Why Would Anyone Harm an Alpaca? - Modern Farmer

Why Would Anyone Harm an Alpaca?

It's a simple question with complicated answers.

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Economics, failing health of owners, and the deviant behavior of violent criminals, experts say, all contribute to a range of abuses inflicted upon the gentle and stoic alpaca.

For instance, a young man armed with malicious intent might sneak onto a farm under cover of darkness, then willfully attack a trusting and unsuspecting alpaca.

Or, a new alpaca breeder, looking to cash in on alpaca fleece popularity, might have over-invested in a herd and now finds caring for the animals too difficult a task to manage. The animals are left to starve or suffer in the cold.

Or perhaps due to owner death, hospitalization, or divorce, alpacas are left to fend for themselves, never mentioned in wills or legal settlements. They are alone without someone to care for them.

Not matter the cause, one thing is certain: The abuse is never justified or defensible.

“There’s no way to explain abuse,” says Jackie Glover, co-owner of Cross Creek Alpaca Rescue in Tonino, Wash. “They’ve put their trust in [humans], and we’ve let them down.”

The rescue business is only getting busier. Now that struggling alpaca owners know they have options, Cross Creek and the handful of other alpaca rescue farms across the country are in high demand.

Canadians for Animal Welfare Reform defines animal cruelty syndrome as either passive or active. Passive cruelty is willful neglect, like shirking care for alpacas or allowing them to starve. Active cruelty is more brutal, like a deliberate attack on an animal that often results in its death.

Alpaca cruelty, according to Cross Creek’s owners, is predominantly passive. Rescue farms, like the one Glover and co-owner Shari Bond run, are able to take in abused alpacas, nurse them back to health, and find caring new homes for the animals.

Alpacas arrive at Cross Creek from a variety of situations. In some instances, neglectful owners are turned in by friends or family. In others, the owner, perhaps duped by an over-inflated market for alpaca fleece, realizes he’s in over his head and asks Cross Creek for help.

Sometimes, the cops are involved. In what might be the highest profile case of alpaca abuse on record, authorities seized 175 emaciated and near-death alpacas from an Oregon ranch in 2014. In space enough for 20 animals, 235 alpacas had been crammed. The herd lived without grass or hay, and resorted to stripping bark from fir trees for nourishment, which killed some of them. When Polk County Sheriff’s deputies came to confiscate the animals at Jocelyn’s Alpaca Ranch, owned by Jocelyn and Robert Silver, they found 17 dead alpacas on the premises. The owners eventually faced animal neglect charges: Jocelyn Silver received three years probation; Robert Silver received three years in prison.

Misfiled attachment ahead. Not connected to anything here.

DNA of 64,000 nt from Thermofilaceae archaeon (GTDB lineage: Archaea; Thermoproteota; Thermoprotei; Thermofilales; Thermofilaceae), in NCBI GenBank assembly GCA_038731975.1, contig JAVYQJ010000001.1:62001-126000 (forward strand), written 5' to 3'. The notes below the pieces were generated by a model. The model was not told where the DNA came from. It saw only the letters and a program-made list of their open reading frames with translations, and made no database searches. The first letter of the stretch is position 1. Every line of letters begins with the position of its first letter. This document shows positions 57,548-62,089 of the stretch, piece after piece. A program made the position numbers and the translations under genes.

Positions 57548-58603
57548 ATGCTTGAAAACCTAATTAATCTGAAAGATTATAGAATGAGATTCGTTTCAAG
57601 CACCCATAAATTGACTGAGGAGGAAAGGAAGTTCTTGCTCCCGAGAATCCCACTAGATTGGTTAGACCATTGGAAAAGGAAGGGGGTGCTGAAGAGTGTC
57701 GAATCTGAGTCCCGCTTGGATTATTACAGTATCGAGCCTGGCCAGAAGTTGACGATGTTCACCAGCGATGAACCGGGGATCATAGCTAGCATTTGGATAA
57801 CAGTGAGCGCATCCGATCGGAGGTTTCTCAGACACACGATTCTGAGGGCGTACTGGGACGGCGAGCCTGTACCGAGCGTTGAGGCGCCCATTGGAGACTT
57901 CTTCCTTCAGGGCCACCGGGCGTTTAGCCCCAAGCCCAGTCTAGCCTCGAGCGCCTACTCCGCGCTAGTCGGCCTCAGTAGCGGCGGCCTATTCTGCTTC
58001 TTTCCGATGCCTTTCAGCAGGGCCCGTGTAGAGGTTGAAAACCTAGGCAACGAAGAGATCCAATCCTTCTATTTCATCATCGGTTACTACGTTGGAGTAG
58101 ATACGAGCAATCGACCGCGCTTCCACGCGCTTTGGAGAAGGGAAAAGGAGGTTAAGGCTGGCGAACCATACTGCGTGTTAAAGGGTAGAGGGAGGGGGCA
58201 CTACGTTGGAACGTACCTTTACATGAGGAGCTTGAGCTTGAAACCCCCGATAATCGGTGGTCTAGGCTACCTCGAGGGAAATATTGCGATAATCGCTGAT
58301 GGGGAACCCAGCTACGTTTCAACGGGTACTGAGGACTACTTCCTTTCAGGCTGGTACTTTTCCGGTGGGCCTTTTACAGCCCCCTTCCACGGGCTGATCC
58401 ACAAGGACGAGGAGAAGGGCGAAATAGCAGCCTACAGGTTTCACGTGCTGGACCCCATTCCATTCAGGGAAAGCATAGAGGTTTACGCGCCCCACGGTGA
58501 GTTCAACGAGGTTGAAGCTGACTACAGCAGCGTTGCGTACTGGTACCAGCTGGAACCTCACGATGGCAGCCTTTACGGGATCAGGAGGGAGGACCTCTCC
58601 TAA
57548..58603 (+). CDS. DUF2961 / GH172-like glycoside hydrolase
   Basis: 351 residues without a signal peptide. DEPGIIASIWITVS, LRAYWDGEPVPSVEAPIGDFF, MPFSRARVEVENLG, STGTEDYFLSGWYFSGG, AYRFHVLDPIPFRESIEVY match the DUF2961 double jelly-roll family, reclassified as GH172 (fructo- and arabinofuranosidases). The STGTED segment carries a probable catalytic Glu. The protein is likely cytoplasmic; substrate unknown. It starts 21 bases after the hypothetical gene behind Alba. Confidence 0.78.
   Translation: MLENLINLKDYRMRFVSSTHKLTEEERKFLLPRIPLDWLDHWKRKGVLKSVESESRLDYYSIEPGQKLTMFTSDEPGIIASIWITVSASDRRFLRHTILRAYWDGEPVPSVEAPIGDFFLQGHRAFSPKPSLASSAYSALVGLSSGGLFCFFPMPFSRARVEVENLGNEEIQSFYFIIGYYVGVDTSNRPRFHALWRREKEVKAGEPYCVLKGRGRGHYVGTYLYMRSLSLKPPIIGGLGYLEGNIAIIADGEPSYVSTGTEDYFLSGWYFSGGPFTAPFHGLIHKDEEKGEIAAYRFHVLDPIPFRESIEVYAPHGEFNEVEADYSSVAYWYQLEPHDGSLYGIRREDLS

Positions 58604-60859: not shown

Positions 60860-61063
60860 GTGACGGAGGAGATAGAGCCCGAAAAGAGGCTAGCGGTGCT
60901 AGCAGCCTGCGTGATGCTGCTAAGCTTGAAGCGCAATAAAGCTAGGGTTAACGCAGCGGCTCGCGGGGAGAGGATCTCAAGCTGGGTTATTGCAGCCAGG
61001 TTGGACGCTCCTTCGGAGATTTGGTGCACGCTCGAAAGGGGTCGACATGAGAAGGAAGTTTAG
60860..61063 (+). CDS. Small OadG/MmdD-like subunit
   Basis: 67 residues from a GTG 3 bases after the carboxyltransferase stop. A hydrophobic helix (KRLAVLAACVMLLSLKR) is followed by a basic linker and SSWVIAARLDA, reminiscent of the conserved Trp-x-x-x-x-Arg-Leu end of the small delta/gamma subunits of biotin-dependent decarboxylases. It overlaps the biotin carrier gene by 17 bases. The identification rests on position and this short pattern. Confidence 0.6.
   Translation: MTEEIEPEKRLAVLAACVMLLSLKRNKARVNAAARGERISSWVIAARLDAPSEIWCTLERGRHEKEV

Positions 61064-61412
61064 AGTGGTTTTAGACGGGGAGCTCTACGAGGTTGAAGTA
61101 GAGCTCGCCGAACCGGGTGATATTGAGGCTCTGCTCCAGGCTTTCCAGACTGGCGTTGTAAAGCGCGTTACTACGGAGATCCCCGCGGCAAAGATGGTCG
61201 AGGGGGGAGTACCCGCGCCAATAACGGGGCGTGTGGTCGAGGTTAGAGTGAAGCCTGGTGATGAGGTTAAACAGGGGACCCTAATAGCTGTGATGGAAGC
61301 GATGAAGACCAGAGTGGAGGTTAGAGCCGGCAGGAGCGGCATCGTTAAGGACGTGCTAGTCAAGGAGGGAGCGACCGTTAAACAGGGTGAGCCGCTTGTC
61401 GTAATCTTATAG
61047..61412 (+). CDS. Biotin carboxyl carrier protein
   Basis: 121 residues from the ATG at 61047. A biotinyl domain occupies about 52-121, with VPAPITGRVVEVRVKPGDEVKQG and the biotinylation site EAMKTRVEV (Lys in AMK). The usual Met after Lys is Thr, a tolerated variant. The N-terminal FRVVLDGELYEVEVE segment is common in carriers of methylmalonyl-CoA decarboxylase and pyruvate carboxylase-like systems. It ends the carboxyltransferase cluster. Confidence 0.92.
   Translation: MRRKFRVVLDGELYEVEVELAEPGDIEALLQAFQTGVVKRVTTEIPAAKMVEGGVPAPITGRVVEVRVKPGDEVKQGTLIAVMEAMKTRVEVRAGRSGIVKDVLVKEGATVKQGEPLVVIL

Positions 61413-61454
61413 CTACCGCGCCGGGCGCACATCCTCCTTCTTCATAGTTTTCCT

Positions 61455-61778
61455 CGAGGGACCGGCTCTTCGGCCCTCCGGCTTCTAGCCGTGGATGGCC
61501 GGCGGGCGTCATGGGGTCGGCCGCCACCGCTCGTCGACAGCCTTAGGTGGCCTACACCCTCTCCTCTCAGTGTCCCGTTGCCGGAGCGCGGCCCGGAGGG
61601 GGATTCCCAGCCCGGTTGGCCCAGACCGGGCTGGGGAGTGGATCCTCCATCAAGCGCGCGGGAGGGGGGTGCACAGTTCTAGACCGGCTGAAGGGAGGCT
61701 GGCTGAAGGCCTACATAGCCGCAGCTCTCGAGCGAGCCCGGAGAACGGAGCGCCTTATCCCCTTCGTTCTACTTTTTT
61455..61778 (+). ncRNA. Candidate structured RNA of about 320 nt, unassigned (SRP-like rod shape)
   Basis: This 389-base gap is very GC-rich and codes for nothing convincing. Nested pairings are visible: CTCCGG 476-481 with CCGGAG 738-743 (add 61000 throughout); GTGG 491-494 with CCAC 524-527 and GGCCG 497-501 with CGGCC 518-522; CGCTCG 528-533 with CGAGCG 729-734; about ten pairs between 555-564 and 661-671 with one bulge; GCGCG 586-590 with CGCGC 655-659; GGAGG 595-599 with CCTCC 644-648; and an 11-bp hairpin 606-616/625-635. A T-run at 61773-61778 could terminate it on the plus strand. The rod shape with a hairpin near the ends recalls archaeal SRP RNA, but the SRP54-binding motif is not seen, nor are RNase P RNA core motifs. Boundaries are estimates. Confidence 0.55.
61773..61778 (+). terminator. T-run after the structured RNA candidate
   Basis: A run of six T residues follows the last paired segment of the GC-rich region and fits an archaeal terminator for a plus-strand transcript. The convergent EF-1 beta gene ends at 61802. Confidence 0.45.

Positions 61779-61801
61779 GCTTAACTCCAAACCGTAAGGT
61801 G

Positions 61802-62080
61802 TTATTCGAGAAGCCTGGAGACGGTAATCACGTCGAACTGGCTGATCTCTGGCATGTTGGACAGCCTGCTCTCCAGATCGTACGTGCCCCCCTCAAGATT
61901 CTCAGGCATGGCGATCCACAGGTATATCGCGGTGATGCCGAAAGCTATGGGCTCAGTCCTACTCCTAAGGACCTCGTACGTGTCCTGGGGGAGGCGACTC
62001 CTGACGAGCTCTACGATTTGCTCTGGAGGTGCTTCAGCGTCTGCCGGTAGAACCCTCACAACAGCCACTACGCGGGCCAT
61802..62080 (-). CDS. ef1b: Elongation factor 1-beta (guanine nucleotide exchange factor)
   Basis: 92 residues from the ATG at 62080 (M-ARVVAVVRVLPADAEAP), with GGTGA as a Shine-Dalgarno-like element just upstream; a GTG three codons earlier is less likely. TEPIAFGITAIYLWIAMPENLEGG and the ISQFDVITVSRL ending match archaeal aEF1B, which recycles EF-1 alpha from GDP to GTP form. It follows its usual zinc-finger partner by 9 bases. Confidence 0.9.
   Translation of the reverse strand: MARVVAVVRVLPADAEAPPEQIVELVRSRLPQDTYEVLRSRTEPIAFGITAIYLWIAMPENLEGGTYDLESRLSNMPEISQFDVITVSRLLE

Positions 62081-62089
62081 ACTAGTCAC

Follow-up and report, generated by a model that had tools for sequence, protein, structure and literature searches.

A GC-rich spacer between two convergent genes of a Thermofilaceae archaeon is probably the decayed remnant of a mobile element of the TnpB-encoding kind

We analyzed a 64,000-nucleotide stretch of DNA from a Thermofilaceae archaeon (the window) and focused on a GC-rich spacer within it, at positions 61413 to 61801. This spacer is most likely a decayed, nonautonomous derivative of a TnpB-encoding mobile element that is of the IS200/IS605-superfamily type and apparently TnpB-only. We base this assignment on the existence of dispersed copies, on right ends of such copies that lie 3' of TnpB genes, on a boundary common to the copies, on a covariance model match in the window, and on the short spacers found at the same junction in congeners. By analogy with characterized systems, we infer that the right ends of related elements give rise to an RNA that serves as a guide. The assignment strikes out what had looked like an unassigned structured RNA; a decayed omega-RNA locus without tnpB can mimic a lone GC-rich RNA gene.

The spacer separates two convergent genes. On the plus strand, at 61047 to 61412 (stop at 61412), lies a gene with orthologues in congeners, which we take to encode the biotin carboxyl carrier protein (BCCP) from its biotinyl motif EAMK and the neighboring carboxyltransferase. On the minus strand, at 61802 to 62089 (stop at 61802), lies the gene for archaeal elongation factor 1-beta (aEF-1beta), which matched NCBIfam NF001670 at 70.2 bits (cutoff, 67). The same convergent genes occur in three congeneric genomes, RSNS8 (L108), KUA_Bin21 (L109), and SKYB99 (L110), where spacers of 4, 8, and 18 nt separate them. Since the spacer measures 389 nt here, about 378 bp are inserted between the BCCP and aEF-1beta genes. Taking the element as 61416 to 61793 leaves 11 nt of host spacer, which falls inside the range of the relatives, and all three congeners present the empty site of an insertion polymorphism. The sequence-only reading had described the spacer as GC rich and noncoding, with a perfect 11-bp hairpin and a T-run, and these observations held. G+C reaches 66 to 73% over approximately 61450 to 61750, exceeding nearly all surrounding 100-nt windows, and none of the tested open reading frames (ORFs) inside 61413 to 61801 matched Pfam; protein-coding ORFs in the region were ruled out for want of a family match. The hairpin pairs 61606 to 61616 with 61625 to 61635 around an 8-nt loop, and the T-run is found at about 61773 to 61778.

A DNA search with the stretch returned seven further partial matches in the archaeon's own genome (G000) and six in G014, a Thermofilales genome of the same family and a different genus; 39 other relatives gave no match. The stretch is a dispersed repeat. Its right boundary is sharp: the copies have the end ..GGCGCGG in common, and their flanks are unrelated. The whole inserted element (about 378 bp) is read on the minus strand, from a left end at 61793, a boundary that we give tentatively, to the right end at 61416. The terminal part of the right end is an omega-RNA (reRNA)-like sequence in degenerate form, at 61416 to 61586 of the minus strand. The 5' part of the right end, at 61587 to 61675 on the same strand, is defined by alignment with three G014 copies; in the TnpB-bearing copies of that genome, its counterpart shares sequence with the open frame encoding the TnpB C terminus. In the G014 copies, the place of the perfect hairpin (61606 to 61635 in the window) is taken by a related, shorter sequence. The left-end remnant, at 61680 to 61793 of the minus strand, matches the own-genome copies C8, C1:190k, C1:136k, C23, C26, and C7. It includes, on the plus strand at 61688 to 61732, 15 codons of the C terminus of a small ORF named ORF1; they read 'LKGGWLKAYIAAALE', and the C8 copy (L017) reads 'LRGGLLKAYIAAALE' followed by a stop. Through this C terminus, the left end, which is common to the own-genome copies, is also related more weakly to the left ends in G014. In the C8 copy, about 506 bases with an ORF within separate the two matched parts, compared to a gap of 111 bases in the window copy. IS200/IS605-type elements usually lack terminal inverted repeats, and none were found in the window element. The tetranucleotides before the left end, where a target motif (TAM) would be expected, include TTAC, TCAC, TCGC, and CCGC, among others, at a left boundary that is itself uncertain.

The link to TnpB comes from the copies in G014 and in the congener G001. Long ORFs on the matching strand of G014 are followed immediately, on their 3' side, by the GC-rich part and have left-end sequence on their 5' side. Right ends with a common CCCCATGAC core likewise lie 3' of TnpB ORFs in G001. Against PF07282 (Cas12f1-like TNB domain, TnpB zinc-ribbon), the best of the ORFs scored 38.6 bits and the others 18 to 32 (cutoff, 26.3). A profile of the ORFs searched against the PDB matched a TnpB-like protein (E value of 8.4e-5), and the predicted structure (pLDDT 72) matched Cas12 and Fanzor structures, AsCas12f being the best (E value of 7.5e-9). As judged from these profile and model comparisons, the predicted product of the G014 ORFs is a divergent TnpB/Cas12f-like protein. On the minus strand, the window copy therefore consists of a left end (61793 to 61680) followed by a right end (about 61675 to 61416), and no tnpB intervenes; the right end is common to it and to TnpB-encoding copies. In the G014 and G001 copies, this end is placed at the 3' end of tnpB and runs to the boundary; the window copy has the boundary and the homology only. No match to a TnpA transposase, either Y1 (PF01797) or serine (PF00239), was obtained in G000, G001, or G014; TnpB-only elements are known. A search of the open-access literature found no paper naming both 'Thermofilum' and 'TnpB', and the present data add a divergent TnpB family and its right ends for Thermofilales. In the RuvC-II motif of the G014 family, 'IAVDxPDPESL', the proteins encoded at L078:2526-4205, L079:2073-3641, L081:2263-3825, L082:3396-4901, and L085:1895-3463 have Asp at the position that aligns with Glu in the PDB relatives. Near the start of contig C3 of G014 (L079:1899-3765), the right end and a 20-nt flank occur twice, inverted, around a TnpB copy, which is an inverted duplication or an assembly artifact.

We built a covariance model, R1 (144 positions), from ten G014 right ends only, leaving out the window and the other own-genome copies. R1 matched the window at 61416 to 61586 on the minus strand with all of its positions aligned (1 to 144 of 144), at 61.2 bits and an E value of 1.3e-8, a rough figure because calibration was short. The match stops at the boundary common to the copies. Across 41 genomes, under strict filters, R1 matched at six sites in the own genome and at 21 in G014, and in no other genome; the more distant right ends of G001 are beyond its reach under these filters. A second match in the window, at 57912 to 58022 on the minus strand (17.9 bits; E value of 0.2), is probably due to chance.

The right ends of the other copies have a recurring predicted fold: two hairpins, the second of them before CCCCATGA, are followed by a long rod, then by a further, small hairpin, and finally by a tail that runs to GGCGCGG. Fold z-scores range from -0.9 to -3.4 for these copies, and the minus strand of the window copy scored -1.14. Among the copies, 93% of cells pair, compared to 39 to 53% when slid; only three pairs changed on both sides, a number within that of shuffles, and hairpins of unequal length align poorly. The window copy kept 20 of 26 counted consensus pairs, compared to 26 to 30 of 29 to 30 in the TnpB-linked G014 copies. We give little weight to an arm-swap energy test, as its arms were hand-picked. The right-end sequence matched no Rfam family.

Trying to find out why the alpacas under Cross Creek’s care were abused is a waste of energy for Bond and Glover, they say. But when they talk to owners, “in their minds, they justify it in a way,” Bond says.

Alpaca neglect, like in the Oregon case, occurs when humans think of animals as “only animals,” says Leslie Irvine, professor of sociology at the University of Colorado, Boulder. “But I find it hard to see how anyone could look at dead animals and think they are not suffering…This can easily happen when living creatures are turned into commodities.”

Active cruelty is the undoubtedly cruel twin of passive cruelty. Violence against animals is described by psychologists as “The Link meaning, those who physically harm animals are far more likely to physically harm people.

Alpaca attackers might think it’s drunken fun to hurt the animal, like what appears to have happened in Lancashire, England, this August, when two men hurled lawn furniture at a pair of alpacas kept as pets at a nursing home.

Others think alpaca abuse is a sick sport, like the Connecticut men who killed four alpacas in 2011 by luring the gentle, puppy-like animals to a fence and stabbing them. The act was but one of the young duo’s many “mischief trips.” One attacker got six months in jail, the other was placed in a rehabilitation program.

“People intentionally inflict harm for many reasons,” says Irvine. “They do it to feel powerful over the animal and to demonstrate their power to other people. People will also justify harming animals by saying they’re ‘only animals’ or the animal ‘deserved’ it, in some perverse sense.”

In the case of the Connecticut killers, as well as an Ohio duo who beat to death a prized alpaca named Masterpiece in 2010, the only explanation is pure malice.

On the upside, animal abuse is being taken more seriously by state governments and federal law enforcements. States, including New York and Tennessee, have created animal abuser registries. Beginning January 1, 2016, the FBI begins considering animal cruelty a ‘Group A’ felony like kidnapping and murder, and starts tracking attacks in its National Incident-Based Reporting System, creating much-needed data on the scope of animal abuse in the U.S.

For Cross Creek, the rescue business is only getting busier. Now that struggling alpaca owners know they have options, Glover explains, Cross Creek and the handful of other alpaca rescue farms across the country are in high demand.

“In the beginning, we could go months [without getting a call],” Glover says. “Now, there’s one every day.”

Plus: See all our stories from Alpaca Week »

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